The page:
Wanting to reduce stress also influences their livestock management practices more specifically. Identifying points of stress helped Sadauckas and Galle determine crucial infrastructure purchases, including a livestock trailer (to better control ideal times for loading livestock) and head gates (to improve upon their cattle-breeding setup). “These have been pretty invaluable in ensuring that we can handle the animals in a safe way,” said Sadauckas.

Strategic Marketing

They first joined the Brunswick winter market in 2011, and it remains the backbone of the farm’s marketing strategy today. By primarily selling their products in the winter, they were able to focus on production in the summer. They now market year-round and have scaled up farmers’ markets attendance to three days per week and also participate in the Merry Meeting Kitchen online food hub, where customers can order products for pick-up at Apple Creek Farm’s market booth, at Merry Meeting Kitchen or right at the farm    

As proponents of nose-to-tail eating, they get everything back from the butcher – and sell it all. Their list of value-added offerings, processed using Turtle Rock Farm’s co-packing services, includes grass-fed fats, bone broth, and chicken liver pate and mousse. Having value-added products, and offering a range of items, helps to increase the total sales per customer, said Sadauckas. She noted that they spend a lot of time educating their customers so they know how to use the farm’s products, are happy with them and keep coming back for more.

“We strive to offer all our products on a year-round basis and are building out our production to match our market in southern Maine,” said Sadauckas.


In 2011, Apple Creek Farm began raising broiler chickens in batches of 50 to sell as frozen, whole birds. They’ve since scaled up to batches of 200 and anticipate growing to 300 in 2021.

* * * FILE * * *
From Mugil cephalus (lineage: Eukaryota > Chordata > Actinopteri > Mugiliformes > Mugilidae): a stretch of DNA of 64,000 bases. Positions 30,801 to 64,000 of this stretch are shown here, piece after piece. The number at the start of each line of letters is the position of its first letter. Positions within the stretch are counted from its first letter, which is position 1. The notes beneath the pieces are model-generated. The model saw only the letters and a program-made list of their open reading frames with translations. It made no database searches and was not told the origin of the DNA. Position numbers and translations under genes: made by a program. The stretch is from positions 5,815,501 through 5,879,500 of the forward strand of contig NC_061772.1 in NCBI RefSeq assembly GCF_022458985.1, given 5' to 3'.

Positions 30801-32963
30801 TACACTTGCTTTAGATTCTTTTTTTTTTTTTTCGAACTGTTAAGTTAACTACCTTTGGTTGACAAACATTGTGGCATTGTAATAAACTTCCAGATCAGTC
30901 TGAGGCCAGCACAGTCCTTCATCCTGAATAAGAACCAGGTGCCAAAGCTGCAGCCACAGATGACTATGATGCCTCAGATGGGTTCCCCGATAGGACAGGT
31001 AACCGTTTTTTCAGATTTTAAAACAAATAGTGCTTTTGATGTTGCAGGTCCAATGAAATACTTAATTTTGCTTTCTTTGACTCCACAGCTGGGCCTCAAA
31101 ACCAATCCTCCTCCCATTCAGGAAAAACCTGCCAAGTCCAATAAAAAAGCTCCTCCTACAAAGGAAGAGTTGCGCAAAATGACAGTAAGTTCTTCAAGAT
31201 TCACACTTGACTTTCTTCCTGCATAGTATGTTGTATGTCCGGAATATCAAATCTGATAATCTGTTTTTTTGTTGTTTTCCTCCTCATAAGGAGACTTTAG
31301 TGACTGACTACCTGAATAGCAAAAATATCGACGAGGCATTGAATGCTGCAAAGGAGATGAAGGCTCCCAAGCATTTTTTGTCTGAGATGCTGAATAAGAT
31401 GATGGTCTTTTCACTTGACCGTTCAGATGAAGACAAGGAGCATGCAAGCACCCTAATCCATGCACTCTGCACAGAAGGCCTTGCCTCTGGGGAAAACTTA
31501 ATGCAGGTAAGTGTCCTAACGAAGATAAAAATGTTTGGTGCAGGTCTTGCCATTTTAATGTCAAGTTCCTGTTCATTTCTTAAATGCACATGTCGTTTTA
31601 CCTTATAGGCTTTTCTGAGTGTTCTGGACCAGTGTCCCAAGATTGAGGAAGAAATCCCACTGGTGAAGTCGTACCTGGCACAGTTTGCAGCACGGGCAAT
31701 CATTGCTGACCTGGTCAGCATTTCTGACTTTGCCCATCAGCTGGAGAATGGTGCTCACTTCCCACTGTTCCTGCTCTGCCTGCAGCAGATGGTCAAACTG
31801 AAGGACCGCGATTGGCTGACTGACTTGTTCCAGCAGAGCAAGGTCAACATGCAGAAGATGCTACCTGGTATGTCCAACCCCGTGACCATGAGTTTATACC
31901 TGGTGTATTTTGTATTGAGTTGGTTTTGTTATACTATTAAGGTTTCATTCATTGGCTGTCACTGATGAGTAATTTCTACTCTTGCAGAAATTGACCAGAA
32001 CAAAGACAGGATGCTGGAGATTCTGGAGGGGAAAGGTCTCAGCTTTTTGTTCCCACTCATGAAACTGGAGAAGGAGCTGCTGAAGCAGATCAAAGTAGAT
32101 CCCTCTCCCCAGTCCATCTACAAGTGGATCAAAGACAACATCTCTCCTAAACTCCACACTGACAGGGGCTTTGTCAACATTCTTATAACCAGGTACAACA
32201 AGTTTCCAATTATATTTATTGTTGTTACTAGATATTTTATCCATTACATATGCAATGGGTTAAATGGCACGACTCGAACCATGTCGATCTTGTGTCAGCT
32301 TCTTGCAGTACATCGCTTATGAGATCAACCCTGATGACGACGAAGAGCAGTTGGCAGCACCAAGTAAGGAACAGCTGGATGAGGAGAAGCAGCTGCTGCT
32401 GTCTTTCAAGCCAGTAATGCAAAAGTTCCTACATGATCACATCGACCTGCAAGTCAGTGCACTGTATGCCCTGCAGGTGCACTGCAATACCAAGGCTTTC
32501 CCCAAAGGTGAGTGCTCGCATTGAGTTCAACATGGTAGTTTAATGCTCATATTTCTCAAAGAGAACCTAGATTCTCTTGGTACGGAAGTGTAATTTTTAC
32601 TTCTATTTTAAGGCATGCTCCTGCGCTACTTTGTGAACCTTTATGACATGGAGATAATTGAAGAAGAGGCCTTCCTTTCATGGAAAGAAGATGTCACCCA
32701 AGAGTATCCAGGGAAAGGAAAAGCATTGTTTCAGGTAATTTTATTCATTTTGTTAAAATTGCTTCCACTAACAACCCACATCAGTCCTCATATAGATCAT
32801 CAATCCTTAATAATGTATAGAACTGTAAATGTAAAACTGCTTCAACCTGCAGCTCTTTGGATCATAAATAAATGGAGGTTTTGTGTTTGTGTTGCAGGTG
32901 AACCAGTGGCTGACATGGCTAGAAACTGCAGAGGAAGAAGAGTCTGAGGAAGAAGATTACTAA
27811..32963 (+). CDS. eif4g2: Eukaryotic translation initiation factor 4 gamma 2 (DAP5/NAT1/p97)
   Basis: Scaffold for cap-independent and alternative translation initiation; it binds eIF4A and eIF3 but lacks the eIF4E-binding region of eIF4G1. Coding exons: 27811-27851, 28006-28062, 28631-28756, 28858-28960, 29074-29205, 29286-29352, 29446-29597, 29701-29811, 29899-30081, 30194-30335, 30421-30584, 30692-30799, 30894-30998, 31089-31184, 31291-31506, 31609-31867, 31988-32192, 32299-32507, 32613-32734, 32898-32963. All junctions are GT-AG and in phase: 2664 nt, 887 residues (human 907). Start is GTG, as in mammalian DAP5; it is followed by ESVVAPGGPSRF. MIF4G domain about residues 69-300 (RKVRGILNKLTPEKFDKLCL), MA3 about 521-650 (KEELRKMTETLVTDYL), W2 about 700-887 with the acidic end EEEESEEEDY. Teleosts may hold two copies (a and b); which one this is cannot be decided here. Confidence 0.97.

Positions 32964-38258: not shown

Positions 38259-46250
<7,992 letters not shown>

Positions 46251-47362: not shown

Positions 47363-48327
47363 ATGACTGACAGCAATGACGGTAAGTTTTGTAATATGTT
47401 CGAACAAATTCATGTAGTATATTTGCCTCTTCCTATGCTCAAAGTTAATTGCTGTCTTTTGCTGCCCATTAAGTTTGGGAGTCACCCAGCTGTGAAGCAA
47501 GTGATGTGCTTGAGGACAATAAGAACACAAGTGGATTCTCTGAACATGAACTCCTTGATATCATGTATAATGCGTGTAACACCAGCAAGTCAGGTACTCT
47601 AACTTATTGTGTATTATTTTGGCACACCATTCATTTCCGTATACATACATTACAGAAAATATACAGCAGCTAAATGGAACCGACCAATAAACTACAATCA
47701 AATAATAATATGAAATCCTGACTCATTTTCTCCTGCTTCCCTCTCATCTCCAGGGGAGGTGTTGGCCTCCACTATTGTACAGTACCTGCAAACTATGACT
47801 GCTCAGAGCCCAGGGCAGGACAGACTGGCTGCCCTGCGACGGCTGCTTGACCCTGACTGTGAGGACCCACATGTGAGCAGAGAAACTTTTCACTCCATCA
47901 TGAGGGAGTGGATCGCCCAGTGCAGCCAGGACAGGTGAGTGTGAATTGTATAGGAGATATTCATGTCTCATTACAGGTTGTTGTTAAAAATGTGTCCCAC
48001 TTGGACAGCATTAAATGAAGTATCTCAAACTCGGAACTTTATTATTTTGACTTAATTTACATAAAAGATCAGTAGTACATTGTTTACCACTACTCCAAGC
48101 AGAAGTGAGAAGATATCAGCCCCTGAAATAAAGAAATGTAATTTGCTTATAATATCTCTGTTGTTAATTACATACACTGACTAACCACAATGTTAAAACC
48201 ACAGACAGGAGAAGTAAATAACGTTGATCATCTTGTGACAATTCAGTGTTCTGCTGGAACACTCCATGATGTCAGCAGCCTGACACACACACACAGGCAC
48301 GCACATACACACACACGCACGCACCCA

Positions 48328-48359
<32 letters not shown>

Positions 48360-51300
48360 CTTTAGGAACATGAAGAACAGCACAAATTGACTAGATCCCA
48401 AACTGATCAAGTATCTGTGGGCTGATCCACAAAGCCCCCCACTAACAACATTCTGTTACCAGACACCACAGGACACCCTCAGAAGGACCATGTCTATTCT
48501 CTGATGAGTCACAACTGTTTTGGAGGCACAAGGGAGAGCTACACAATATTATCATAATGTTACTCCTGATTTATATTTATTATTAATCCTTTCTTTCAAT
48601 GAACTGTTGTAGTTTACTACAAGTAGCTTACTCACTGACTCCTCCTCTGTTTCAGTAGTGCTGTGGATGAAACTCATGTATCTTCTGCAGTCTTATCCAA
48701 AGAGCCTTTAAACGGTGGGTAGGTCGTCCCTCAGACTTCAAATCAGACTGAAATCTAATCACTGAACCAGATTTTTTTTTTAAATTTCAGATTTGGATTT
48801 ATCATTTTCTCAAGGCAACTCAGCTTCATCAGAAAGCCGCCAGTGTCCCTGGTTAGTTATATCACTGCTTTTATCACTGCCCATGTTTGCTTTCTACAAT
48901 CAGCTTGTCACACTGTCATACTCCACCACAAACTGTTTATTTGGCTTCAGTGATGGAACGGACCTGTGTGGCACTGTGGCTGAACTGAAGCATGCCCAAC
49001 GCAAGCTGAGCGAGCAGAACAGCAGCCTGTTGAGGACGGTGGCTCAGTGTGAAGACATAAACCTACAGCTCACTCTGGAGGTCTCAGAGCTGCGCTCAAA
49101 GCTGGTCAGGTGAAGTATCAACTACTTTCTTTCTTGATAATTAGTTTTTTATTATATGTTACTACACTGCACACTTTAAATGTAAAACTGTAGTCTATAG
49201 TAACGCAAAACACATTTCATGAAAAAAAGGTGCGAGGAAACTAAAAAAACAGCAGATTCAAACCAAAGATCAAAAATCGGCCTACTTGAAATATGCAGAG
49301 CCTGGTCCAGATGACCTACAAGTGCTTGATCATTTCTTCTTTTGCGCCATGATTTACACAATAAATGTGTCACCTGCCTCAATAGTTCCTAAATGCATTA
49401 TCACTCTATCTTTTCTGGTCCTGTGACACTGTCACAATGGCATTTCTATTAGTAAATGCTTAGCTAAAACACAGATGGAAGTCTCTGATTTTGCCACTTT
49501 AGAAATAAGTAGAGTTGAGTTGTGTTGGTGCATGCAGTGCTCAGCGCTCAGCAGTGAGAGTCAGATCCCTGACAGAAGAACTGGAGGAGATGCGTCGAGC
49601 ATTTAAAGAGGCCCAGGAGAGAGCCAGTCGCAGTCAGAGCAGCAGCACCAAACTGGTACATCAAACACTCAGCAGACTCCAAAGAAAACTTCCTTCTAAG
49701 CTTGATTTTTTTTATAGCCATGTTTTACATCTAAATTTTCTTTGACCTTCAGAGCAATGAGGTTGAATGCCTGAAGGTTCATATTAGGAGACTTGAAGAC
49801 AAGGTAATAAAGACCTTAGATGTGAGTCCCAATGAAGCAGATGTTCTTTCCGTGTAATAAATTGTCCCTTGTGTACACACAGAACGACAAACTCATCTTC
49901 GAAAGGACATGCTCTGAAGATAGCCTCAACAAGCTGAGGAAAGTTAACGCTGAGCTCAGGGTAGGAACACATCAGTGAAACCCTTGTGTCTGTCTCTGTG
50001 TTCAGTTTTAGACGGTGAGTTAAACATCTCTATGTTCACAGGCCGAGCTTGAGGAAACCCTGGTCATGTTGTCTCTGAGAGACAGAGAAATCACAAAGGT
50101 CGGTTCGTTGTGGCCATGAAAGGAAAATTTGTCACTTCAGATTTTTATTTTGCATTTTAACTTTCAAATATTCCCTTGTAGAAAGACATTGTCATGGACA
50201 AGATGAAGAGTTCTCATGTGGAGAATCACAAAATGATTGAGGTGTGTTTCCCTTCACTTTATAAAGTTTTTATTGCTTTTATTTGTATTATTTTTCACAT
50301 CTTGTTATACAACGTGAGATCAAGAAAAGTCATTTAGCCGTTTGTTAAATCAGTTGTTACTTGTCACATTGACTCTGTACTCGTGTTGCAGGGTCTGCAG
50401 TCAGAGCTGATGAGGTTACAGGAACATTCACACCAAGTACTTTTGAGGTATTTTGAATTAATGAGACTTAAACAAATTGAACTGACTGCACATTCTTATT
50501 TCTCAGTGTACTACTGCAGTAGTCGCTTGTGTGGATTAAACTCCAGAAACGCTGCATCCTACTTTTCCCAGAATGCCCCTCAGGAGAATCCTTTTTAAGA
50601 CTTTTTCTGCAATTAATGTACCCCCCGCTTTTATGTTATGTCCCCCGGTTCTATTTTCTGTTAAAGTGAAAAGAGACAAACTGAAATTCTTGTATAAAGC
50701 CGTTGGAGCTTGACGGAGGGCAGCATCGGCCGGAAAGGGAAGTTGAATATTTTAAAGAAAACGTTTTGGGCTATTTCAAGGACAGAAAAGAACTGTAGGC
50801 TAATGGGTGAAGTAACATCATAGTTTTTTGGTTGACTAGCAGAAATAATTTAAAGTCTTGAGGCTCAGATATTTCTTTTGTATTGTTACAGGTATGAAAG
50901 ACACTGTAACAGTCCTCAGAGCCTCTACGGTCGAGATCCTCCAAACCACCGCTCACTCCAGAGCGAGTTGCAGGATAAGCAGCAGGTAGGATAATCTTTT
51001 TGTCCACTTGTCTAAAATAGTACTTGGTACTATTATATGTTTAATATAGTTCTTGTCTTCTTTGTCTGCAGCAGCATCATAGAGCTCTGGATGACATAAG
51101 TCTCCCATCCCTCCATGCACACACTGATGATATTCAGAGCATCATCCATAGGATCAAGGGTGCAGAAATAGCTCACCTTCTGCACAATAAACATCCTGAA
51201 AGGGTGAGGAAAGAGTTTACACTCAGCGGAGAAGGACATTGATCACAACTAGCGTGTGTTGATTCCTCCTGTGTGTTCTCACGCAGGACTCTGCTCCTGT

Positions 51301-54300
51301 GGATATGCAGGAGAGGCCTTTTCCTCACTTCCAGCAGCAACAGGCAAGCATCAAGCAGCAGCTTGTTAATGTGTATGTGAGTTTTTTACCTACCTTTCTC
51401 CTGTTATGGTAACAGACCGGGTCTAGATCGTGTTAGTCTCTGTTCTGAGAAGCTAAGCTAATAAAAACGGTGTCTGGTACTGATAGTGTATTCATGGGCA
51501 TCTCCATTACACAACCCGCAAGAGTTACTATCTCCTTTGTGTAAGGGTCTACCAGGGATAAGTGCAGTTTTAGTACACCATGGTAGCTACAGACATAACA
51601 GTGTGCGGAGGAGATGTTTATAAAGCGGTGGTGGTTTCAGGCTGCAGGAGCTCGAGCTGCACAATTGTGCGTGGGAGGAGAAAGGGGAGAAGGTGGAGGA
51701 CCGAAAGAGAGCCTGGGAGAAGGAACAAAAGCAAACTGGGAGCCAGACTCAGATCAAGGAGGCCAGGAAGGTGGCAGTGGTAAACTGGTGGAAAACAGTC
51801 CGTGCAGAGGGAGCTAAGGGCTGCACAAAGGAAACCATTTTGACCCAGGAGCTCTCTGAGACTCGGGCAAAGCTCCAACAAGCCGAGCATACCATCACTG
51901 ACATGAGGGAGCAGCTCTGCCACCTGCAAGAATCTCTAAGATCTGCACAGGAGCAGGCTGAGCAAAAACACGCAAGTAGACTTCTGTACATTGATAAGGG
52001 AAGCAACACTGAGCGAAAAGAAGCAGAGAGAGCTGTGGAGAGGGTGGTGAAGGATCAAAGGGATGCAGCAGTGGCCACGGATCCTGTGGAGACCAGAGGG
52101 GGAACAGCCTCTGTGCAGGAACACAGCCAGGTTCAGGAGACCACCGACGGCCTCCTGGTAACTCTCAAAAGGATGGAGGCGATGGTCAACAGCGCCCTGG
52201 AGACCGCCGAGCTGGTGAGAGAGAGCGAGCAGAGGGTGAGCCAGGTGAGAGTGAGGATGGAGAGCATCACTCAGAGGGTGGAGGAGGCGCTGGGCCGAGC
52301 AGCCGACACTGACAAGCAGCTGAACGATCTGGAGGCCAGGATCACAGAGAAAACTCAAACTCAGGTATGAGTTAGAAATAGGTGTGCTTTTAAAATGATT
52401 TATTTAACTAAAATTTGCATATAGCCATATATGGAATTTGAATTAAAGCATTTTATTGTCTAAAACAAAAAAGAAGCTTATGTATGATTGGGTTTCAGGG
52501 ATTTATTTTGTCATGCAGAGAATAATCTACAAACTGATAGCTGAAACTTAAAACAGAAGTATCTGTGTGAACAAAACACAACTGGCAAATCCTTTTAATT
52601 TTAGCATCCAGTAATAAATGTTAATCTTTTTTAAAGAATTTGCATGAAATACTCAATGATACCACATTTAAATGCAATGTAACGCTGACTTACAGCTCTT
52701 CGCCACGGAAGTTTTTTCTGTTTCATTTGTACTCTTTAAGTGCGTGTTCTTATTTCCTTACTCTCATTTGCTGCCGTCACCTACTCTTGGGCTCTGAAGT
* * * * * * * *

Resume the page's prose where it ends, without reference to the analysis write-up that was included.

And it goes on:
Two different chicken breeds selected for performance on pasture, Cornish Crosses and Red Bro, are sheltered in floorless hoop houses that get moved onto fresh grass every morning. The structures measure around 12-14 feet by 16 feet, and have roll-up sides and a covered door at each end. This design allows them to “catch that spring sunshine without that spring wind,” said Sadauckas.

The chickens are allowed to “day range” on pasture as they grow, but are shut into the houses at night to keep them safe from predators: like the farm’s resident family of great horned owls.

Sadauckas noted that the houses allow for more control of the broilers’ environment and, as a result, the birds grow better – they’re less susceptible to disease and hypothermia. The coops also mean an early start on production: Apple Creek Farm starts processing fresh birds for Memorial Day and continues processing 100 to 150 birds on a weekly basis through Labor Day.

To maximize profitability with chickens, they switched from selling only whole birds to selling cuts. “Boneless, skinless breasts are a very good seller and the price point we strive for gives us enough profit that in 2018 it covered our entire processing/slaughter bill for broilers,” said Sadauckas.

Feed, of course, is one of their biggest costs. They reduce this expense by buying grain in bulk and through using hanging feeders, sourced from Kuhl Corporation, that can be adjusted based on the birds’ age and size to reduce waste.